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What took place inside the motor and why isn't it working anymore? I familiar with basic electricity and circuits, but can somebody explain it in easy language.

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    $\begingroup$ Don't play with mains electricity until you are more familiar with it. $\endgroup$ – user207455 May 22 '19 at 12:12
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First, don't do that. Ever. Seriously, you can injure yourself or others or start a fire.

Second, DC motors are typically rated for around 10 V. That means that they have fairly low resistances. Your AC outlet probably operates at about 120 V if you are in many countries or even more in some countries. That means you are overloading the voltage capacity by a factor of 12 or so, approximately 1200% above the rated voltage.

Third, voltage is roughly proportional to current by Ohm’s law, so you also have a factor of 12 more current than designed.

Fourth, power is voltage times current. So your little DC motor was receiving about 144 times its designed amount of power. That means that the coils and other internal components were heating up 14400% faster than intended. So of course “sparking happened”, that was some part of your motor melting due to the excessive amount of power. Once the part melted it probably formed a short circuit, further reducing the resistance and increasing the power dissipation. That would continue until it caught on fire, melted to an open circuit, or tripped the circuit breaker.

Fifth, see first: don't do that. Electricity is dangerous. It is not a toy, so don’t play with it. You seem like a smart kid, so let’s make sure you live to become a smart adult.

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It is not clear from the question as to the output voltage of the AC power outlet but even it was $10\, \rm V$ there is good reason as to why the dc motor would overheat and be render useless in the process.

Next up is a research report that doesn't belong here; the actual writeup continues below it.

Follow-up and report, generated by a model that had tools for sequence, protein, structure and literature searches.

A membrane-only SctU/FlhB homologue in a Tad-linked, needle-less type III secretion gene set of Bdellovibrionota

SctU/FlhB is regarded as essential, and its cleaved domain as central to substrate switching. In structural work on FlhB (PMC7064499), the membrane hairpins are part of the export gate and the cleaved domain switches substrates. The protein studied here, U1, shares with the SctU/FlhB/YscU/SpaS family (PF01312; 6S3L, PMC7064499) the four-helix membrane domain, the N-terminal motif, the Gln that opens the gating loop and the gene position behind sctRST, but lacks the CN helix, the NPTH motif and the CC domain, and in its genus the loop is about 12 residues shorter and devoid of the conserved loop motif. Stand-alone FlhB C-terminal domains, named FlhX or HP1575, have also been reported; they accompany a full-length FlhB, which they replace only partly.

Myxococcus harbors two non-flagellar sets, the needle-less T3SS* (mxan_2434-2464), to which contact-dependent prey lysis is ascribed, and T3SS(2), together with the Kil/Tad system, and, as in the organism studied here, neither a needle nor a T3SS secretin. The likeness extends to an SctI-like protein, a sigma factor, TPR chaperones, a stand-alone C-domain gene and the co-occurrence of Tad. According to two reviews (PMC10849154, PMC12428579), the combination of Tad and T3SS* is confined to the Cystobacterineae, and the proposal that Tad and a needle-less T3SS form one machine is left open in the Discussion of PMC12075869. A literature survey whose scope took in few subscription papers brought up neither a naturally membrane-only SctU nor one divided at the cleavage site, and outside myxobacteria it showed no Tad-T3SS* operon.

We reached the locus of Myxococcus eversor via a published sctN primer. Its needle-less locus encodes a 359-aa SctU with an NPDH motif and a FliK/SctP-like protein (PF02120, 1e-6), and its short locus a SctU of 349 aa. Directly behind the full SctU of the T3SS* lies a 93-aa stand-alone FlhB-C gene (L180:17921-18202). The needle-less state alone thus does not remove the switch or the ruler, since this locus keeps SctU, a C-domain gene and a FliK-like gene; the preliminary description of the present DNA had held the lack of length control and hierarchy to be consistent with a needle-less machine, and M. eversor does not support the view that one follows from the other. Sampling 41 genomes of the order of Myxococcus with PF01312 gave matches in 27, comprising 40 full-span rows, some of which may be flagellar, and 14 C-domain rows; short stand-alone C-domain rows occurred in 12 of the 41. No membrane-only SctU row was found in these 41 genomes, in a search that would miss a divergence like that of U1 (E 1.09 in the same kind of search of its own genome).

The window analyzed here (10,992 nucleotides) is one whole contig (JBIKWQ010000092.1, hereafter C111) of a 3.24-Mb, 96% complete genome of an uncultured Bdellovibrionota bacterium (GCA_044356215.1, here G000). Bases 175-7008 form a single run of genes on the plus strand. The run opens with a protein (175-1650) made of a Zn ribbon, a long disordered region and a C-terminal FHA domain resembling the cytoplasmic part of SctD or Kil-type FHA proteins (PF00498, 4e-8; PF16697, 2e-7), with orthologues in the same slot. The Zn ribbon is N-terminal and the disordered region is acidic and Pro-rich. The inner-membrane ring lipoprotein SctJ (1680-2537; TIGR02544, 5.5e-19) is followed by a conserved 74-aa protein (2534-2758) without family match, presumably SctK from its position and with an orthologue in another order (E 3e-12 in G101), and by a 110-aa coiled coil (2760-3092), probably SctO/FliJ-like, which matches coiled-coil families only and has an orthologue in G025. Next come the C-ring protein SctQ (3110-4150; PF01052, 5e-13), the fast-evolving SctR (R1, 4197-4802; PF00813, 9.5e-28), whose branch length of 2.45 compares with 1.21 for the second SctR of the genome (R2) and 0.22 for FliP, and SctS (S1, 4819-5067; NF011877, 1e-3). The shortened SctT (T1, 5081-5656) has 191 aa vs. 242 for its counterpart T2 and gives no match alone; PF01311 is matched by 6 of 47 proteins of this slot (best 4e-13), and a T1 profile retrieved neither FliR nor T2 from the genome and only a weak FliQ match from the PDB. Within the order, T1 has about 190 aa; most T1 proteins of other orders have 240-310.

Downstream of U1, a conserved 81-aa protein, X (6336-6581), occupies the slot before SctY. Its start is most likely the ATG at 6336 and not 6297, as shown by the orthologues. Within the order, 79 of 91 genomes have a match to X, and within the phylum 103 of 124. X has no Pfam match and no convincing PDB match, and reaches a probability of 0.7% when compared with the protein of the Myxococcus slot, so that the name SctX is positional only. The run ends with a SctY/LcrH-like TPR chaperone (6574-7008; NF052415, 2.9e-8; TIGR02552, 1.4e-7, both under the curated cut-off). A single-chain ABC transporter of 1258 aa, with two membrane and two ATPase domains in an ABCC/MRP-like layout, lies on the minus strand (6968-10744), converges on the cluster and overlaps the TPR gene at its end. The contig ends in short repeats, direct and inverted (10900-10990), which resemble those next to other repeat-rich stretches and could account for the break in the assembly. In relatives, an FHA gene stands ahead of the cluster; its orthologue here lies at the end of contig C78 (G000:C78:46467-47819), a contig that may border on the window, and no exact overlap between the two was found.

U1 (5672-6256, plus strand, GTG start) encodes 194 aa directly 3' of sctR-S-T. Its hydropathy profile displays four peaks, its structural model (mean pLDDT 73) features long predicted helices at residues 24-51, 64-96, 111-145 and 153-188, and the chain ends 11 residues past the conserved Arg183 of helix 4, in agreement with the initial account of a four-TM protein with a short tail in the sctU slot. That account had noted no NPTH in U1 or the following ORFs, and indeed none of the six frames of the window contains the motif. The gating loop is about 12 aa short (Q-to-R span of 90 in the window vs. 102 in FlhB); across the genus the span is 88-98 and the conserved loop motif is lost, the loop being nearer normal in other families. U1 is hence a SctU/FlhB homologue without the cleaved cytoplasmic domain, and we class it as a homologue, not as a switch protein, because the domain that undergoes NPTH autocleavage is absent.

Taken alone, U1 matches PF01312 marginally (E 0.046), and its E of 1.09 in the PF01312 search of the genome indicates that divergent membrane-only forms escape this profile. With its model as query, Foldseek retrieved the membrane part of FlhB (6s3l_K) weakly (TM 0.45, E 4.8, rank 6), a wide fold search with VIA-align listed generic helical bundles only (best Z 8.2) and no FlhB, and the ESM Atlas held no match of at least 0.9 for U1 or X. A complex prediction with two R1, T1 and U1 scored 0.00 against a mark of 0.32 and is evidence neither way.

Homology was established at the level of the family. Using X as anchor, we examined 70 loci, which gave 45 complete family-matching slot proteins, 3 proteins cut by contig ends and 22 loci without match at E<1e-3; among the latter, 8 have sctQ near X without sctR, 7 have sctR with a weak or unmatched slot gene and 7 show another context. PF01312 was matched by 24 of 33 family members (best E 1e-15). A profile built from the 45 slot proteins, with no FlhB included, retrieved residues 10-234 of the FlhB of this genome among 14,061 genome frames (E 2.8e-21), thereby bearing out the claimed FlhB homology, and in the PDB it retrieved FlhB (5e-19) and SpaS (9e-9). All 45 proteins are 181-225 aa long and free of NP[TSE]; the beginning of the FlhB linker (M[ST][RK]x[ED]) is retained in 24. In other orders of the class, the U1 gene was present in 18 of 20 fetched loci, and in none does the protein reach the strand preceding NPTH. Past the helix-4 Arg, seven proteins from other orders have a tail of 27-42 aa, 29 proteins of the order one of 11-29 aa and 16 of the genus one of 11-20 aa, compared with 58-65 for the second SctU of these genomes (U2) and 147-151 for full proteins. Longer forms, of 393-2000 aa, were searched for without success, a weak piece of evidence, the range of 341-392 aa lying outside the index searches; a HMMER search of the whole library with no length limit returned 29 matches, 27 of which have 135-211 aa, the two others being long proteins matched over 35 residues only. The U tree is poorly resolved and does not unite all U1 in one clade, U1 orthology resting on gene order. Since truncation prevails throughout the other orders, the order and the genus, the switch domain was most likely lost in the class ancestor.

When a dc motor is operating correctly the current through the motor does not only depend on the supply dc voltage and the resistance of the coil as explained here..
The rotating coil generates an (back) emf in opposition to the applied voltage which helps limit the current.
Indeed if an dc motor was “ideal” the coil in a dc motor would rotate at a constant speed and the current would be zero.

When an ac supply is connected to a dc motor the coil does not rotate and so there is a very large current passing through the motor which means that there is a large ohmic heating effect and this could result in the coil burning out - part of the coil melts and this results in an open circuit.

The reason why the coil does not rotate is due to the fact that the current though the coil of the motor does not reverse synchronously with the position of the coil relative to the magnetic field.
In a simple dc motor the current in the coil reverses every half a revolution which produces continuous rotary motion.
The split ring commutator performs this function.

Applying an ac voltage which reverse many times per second to a dc motor means that before the coil has a chance to rotate in a particular direction the current is reversed and the coil tries to move in the opposite direction.
The best the coil can do is to rapidly vibrate about a mean position, so in effect the coil is not rotating, little back emf is created and so the current though the coil is dangerously large.

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